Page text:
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How to Select the Perfect Writing Sample

Alexis Perrotta

How to Select the Perfect Writing Sample

Regardless of the type of position you're interviewing for, the ability to write clearly and concisely is a huge asset. While some hiring managers will evaluate your writing skills based solely on your resume and cover letter, others may ask you to take a simple grammar quiz or writing exercise if you make it to an in-person interview, and others still may ask you to submit a writing sample along with your application materials.

What your writing sample should say about you as a candidate

So if you're asked to submit writing, how do you go about selecting (or drafting) the perfect sample? First, you'll want to take a minute to consider all of your professional skills and experience that you'd like for this sample to highlight. No matter what job you're applying for, it will be important to illustrate the following:

  • You can follow directions. Be sure to give the hiring manager what they are asking for. If they request two writing samples, don't offer one, and while you may think it will work in your favor, submitting too many can be a mistake as well.
  • You are careful and concise. Unless specifically requested, don't submit anything longer than one or two pages (your sample should offer your potential employer a taste of your work, not the entire archive) and of course, no typos!
  • You can read the room. Sure, you won't literally be in the room with your potential employer when you're selecting your writing sample, but be sure to be aware of what they are looking for (and what they definitely aren't looking for). Don't submit a post from your fashion blog to an organization that works to end homeless, and your grad school paper on the gender pay gap may not be the best choice for that urban gardening nonprofit you're interviewing with.

What makes a good writing sample

  • Relevant. While the piece doesn't necessarily need to mirror the mission of the organization, make sure that there are lines that can be drawn between the job description and your writing sample. For example, if the job requires creativity, find a creative writing sample. If the position calls for organization skills, consider submitting a structured memo with a summary and bullet points along the way.
  • Recent. If the last thing you wrote was in college (and you graduated more than a year or two ago), I'd recommend taking this as an opportunity to draft a fresh product (see below for more on that).
  • Concise. As mentioned in the previous section, keep it short! The same way that your goal-length for your resume should be two pages (max), remember that it can very well be the same person reading this sample and whether they're reviewing your writing or your experience, you don't want them getting bored and skimming.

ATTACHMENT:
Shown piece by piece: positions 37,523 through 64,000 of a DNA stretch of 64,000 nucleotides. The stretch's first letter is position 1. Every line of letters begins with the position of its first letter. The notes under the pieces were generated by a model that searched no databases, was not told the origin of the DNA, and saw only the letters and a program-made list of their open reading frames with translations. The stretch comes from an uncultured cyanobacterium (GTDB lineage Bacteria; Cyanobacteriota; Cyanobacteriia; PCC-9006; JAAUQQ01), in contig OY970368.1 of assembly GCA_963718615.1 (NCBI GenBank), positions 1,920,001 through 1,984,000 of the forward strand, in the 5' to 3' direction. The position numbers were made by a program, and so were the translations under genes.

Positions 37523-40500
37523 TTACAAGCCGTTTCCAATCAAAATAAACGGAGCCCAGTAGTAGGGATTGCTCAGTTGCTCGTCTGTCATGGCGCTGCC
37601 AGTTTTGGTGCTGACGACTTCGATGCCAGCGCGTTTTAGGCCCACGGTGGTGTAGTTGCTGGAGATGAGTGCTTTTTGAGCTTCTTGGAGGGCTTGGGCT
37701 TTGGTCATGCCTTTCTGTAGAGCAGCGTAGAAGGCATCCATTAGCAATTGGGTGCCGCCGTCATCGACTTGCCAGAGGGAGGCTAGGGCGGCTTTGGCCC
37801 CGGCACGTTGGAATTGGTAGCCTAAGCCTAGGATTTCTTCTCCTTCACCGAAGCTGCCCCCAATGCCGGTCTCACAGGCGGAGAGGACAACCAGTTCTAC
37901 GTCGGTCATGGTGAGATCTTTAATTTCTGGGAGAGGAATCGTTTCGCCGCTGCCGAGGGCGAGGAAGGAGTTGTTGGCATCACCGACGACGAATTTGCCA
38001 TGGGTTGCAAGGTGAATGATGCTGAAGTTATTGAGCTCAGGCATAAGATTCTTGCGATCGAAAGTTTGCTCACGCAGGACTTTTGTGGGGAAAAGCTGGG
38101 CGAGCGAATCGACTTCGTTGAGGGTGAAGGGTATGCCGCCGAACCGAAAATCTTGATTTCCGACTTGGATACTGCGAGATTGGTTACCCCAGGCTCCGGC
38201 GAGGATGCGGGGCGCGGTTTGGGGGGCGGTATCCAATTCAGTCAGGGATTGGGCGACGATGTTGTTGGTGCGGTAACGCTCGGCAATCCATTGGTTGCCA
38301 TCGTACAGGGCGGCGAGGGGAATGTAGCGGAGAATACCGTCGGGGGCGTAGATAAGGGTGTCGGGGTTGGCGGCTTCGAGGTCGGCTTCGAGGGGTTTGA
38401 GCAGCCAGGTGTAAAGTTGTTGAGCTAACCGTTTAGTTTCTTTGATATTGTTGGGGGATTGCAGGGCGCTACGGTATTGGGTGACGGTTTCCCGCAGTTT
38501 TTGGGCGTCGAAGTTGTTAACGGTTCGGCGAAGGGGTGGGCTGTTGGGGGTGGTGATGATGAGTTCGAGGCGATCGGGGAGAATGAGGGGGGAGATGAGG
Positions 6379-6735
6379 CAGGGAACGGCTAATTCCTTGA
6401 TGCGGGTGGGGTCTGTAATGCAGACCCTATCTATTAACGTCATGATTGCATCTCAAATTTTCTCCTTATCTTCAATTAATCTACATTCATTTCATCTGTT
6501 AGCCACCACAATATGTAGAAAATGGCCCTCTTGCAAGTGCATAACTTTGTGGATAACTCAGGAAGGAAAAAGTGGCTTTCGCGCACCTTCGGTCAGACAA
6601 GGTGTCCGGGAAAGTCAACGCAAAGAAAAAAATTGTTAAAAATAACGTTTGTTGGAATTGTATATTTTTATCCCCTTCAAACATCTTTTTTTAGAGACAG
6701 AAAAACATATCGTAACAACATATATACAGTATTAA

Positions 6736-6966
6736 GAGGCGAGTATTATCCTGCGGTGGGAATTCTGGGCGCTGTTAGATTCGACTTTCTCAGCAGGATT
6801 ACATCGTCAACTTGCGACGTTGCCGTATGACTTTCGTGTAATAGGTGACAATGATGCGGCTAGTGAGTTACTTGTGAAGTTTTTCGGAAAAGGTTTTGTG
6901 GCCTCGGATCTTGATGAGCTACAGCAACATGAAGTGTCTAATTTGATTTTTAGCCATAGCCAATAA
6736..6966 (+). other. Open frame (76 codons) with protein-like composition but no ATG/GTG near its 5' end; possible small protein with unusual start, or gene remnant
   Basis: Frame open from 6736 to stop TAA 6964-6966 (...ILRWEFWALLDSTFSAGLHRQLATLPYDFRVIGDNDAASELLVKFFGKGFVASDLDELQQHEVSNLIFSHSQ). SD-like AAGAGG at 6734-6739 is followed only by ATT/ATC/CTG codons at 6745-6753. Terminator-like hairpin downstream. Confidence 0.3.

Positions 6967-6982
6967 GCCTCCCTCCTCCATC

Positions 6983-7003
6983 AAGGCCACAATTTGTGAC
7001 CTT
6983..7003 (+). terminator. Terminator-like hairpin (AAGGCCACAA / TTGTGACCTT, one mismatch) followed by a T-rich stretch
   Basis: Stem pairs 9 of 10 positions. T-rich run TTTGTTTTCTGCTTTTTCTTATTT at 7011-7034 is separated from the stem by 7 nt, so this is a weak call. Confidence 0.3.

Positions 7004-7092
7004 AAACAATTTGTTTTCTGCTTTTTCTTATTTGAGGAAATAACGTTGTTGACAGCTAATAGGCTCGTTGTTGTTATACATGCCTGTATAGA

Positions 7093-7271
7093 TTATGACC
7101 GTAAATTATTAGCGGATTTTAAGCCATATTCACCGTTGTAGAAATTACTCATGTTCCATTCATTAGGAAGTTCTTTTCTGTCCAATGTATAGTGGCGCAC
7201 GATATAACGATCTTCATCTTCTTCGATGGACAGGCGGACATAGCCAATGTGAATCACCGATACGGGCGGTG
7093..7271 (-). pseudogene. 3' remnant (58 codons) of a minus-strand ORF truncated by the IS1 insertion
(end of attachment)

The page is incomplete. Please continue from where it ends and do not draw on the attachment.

• Error free. Even if you have used a particular document for countless job applications, give it another read through to ensure that it is completely, 100% error free.

If you don't have the perfect writing sample on hand, create one!

If, after you have gone through your files, you still can't find an example of your writing that feels like an appropriate and relevant fit, it's time to consider drafting something new. Here are some ideas for what types of samples you can put together:

  • Press release. The beauty of a press release is that it is designed to tell a story quickly. Spend some additional time digging through recent news on the organization for which you're applying (many organizations have a news section on their site, so this should be pretty easy). Identify one recent event, product release, initiative, report, etc. that you can draft a press release around, and get to it!
  • How-to. Select one (or several) responsibilities or required skills from the job description and draft a step-by-step how-to. If the role happens to include any training, teaching, or coaching responsibilities, use your writing sample to showcase both your writing and teaching skills.
  • Summary. If you do happen to have a lot of older writing samples on hand, but they're just too long and outdated, select one that is the most relevant to the role or organization for which you're applying and create a new executive summary based on the full piece.


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Alexis Perrotta

As the Senior Editor at Idealist and a lifelong nonprofit professional, Alexis offers job seekers, game changers, and do gooders actionable tips, career resources, and social-impact advice.

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